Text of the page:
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Cyclothymic temperament linked to suicidality

Cyclothymic temperament linked to suicidality

The presence of a cyclothymic temperament in inpatients with bipolar disorder may indicate a high likelihood of hopelessness and suicidality, report researchers. [More]
Bipolar II disorder course mapped in Japanese patients

Bipolar II disorder course mapped in Japanese patients

The course of bipolar II disorder can follow several distinct trajectories, with a major depressive episode being the most common presenting feature, a study of Japanese patients suggests. [More]
People who develop depression, MCI after age 65 are more vulnerable for accelerated brain aging

People who develop depression, MCI after age 65 are more vulnerable for accelerated brain aging

People who develop depression and mild cognitive impairment (MCI) after age 65 are more likely to have biological and brain imaging markers that reflect a greater vulnerability for accelerated brain aging, according to a study conducted by researchers at the University of Pittsburgh School of Medicine. The findings were published online in Molecular Psychiatry. [More]
Predictive factors ‘raise suspicion’ for emergence of bipolar disorder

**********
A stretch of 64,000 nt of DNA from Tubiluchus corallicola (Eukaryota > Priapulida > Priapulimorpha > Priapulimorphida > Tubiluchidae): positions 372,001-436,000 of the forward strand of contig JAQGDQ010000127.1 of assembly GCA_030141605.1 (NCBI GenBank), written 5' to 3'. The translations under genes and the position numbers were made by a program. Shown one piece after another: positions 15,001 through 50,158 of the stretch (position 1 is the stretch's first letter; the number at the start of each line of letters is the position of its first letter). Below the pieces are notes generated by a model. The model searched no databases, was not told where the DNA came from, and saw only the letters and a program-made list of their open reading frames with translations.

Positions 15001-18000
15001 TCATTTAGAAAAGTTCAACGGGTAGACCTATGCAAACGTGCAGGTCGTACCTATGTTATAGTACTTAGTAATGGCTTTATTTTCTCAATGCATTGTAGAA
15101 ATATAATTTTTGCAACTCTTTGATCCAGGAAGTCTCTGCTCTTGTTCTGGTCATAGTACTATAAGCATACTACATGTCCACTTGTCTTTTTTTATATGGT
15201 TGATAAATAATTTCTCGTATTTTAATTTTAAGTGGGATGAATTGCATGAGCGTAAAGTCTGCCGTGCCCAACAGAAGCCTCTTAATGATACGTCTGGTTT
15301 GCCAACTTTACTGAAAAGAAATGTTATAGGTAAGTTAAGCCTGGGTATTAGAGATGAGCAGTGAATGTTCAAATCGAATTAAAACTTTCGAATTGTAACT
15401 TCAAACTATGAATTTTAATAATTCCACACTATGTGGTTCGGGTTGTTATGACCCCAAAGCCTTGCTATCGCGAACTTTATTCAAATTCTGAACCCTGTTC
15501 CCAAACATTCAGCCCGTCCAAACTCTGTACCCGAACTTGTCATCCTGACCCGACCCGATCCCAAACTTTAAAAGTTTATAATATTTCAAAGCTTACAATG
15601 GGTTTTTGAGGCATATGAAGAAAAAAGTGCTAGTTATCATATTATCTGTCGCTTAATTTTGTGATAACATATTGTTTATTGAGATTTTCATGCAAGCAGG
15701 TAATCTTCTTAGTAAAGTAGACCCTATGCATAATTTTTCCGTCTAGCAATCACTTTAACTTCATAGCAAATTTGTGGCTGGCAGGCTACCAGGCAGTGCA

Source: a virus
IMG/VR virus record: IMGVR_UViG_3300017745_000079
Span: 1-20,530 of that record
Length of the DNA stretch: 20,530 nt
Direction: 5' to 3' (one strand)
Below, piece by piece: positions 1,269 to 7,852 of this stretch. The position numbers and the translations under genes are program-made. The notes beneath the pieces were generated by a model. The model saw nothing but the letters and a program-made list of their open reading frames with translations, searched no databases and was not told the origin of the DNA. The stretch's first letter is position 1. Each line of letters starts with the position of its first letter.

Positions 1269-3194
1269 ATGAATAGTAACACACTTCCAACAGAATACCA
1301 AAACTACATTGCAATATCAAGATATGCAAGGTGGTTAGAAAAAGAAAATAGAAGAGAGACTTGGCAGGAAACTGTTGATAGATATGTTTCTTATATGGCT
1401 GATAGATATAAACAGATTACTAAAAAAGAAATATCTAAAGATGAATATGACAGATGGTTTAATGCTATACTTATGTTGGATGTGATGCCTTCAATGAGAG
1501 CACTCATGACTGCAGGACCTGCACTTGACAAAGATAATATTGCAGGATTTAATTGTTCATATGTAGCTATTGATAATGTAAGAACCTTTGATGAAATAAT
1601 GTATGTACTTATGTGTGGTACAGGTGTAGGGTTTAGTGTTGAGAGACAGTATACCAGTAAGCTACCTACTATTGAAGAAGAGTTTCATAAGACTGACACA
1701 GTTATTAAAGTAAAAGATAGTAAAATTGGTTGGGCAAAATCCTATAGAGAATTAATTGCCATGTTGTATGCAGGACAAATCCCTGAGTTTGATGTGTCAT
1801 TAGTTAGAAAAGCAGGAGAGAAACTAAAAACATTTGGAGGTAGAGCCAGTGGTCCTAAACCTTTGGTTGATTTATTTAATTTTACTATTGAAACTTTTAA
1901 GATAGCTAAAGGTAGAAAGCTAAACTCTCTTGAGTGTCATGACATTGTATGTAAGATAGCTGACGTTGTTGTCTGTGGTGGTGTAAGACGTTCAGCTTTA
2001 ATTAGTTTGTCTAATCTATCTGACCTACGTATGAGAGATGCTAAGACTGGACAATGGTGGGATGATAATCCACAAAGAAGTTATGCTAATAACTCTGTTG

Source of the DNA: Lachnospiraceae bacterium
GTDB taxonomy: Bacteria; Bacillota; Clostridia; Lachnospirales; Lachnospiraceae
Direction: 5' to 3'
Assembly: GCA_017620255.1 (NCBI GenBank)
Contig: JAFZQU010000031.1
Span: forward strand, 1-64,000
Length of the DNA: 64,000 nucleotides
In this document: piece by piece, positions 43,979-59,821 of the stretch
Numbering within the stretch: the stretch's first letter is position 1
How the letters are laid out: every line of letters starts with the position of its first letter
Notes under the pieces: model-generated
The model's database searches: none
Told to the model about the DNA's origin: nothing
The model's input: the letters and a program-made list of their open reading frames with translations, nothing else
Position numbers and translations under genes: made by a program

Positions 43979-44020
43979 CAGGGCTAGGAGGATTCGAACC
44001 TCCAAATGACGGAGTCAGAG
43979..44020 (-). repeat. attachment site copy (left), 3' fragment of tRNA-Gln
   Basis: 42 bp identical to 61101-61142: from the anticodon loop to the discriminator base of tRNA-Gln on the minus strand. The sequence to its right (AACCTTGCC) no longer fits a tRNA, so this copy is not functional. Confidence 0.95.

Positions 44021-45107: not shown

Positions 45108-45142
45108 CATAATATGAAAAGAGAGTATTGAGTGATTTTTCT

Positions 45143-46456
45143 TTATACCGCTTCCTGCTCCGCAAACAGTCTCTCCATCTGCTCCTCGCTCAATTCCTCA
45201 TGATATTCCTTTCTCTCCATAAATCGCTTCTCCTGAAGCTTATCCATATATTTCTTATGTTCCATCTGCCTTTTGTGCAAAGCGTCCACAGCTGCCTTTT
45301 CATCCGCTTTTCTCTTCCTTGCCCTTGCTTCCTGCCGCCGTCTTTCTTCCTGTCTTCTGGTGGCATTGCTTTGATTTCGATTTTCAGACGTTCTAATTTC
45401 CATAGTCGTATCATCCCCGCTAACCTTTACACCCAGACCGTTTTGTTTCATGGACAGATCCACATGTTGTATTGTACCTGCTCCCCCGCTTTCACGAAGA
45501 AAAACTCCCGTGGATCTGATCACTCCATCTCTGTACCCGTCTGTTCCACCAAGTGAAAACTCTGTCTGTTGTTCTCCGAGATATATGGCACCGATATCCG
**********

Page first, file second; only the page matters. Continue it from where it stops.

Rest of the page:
Predictive factors ‘raise suspicion’ for emergence of bipolar disorder

Researchers have identified seven factors that predict which patients initially diagnosed with depression will later meet the diagnostic criteria for bipolar disorder. [More]
Hallucinations common suicide motive in schizophrenia patients

Hallucinations common suicide motive in schizophrenia patients

Hallucinations and/or delusions appear to be a common factor prompting patients with schizophrenia to attempt suicide, say researchers. [More]
Virtual patient, medical record and questions appear effective in recognizing suicide risk

Virtual patient, medical record and questions appear effective in recognizing suicide risk

A virtual patient, the electronic medical record, and questions about how well patients sleep appear effective new tools in recognizing suicide risk, researchers say. [More]
Meta-analysis links signalling pathways to bipolar disorder

Meta-analysis links signalling pathways to bipolar disorder

A meta-analysis of genome-wide association studies has identified six biological pathways that may be involved in the genetic predisposition to develop bipolar disorder. [More]
Research report on China's duloxetine market

Research report on China's duloxetine market

Research and Markets has announced the addition of the "Investigation Report on China Duloxetine Market" report to their offering. [More]
Bipolar disorder and epilepsy could be linked

Bipolar disorder and epilepsy could be linked

A preliminary study adds to evidence that bipolar disorder and epilepsy may be different expressions of common pathways. [More]
Body clock's could be utilized to improve current therapies to delay onset of chronic lung diseases

Body clock's could be utilized to improve current therapies to delay onset of chronic lung diseases

The body clock's natural rhythm could be utilized to improve current therapies to delay the onset of chronic lung diseases. [More]
Parents with bipolar disorder feel control by monitoring kids' moods

Parents with bipolar disorder feel control by monitoring kids' moods